It's been an emotional week for many in the Southlake community, after an online video went viral showing a group of Carroll ISD students repeating racial slurs.
Friday morning, the Carroll ISD School Board held a special meeting to discuss the matter and to hear from concerned parents.
"As a community, it would be ignorant of us to say that racism does not exist in our schools -- it does," said Board President Sheri Mills. "It exists in our homes. It exists in our churches, our businesses, our community. It exists in our state. It exists in our country. What I hope to accomplish in today's meeting, in this special session, is to pledge together to work as a community to improve our conversations and our expectations."
More than a dozen parents signed up to address the school board in front of a standing room only crowd -- each of them expressing their frustration and hurt over the video, also noting that it's far from the first time racism has reared its head in Carroll ISD schools.
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Kimberly Best told board members about a recent incident where her young black daughter was called derogatory names by another student on the school bus.
"Please don't discount the personal disruptions to all those that are sitting here -- including my children," said Best, with tears running down her face. "Our viewpoints and our voices should not be dismissed. I tried to speak today with as little emotional as I could. But like many of these folks out here, I have lived all throughout this country and I've been called many names as well. This is not a problem unique to Southlake...we are in a climate of high racial tension. And we all need to understand what our words do and how they reflect upon others. We know better. We can do better. Let's teach better."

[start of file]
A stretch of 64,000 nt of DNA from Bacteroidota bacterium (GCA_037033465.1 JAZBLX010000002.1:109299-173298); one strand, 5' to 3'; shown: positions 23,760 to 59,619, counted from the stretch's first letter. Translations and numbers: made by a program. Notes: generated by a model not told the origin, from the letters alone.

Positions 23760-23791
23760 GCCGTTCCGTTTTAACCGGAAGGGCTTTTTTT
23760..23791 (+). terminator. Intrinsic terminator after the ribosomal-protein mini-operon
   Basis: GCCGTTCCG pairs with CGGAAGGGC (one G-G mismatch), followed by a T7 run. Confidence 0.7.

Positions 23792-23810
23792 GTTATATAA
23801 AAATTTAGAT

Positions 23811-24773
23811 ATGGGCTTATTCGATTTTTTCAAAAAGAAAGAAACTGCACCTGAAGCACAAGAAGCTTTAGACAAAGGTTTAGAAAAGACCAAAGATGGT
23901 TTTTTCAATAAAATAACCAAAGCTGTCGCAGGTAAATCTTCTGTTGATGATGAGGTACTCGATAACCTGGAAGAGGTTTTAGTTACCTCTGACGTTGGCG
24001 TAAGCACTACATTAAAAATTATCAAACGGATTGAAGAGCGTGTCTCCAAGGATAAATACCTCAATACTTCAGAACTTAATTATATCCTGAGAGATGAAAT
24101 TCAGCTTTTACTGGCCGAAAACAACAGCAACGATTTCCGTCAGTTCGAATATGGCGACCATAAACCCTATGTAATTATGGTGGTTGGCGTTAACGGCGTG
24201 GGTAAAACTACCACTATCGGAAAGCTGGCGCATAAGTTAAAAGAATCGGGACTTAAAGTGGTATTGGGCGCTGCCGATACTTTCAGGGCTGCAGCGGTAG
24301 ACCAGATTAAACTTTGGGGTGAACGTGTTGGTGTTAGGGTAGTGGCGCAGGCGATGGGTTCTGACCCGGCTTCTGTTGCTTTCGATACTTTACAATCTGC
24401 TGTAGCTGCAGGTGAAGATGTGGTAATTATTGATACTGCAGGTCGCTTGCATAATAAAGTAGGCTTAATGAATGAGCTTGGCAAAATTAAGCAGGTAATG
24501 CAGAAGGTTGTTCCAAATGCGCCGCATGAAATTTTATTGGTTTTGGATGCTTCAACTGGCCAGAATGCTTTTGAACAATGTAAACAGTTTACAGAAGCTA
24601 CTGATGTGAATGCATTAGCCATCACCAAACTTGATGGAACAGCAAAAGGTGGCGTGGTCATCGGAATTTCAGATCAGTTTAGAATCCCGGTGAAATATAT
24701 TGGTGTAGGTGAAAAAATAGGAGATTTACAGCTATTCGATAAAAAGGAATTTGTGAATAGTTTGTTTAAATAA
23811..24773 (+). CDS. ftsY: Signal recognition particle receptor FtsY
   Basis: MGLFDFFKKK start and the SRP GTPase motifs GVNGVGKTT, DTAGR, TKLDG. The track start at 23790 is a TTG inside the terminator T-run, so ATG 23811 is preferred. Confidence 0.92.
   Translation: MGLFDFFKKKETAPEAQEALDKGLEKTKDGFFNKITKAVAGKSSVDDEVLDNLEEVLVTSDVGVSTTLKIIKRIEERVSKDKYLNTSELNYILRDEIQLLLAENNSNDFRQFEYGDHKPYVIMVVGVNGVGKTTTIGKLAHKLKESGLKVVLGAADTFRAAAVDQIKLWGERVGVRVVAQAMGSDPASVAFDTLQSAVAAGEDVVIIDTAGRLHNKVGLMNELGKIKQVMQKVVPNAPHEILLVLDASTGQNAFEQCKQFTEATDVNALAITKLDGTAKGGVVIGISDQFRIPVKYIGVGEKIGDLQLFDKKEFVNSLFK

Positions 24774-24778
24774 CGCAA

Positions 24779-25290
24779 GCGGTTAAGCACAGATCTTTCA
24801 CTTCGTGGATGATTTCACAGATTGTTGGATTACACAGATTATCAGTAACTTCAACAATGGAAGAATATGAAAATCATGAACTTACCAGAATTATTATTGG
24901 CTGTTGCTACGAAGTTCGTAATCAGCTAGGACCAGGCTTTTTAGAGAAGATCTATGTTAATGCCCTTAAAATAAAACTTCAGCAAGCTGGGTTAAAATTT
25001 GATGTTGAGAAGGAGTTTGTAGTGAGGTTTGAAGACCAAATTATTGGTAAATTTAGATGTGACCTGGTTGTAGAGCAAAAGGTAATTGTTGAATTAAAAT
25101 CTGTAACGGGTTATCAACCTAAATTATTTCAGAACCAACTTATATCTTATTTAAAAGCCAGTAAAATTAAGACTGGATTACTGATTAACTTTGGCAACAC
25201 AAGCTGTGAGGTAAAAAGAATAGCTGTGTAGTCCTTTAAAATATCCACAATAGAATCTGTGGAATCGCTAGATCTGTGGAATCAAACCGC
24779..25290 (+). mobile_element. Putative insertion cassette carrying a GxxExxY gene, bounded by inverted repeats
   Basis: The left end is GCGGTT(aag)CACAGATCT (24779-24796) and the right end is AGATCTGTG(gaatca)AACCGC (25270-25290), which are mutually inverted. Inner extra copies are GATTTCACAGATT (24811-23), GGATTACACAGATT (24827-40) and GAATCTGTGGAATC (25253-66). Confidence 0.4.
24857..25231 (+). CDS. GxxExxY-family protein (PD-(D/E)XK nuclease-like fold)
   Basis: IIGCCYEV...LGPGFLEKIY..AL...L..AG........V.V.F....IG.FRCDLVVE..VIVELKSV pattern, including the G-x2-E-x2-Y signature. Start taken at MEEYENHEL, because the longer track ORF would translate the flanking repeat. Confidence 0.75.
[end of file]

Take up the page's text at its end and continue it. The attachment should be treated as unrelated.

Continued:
She and others called on the school board to push for more diversity and inclusion training in all Carroll ISD schools.
"And I say to each of us in this room, whether you're black, white hispanic, I don't care where you're from," said Eric Ransom. "Start having tough conversations and sitting across the table."
Legally, the board could not respond directly to the comments made or take any immediate action on them.
But Mills pledged that the input they received will factor into any decisions they make moving forward.
"Our core values do mean something here at Carroll ISD," said Mills. "As Dragons, we expect excellence. And that begins with how we treat each other."
Although the video was not made on school property or during school hours, Mills noted it has disrupted the educational process this week -- and therefore, it is appropriate for the district to take disciplinary action.
"Yes, it's ugly, it's nasty, it's shameul, and it hurts," said Robin Cornish. "But they've got to sit in it. They must understand the seriousness and the hurtfulness of their actions, and I think a public apology needs to be made."
Once they closed the public comment portion of their meeting Friday, board members met in closed session. The district said the students involved have been disciplined according to the Code of Conduct, but because of student privacy laws, they cannot go into further detail about the punishment.
"When our children make bad decisions, there are consequences for those decisions," said Mills.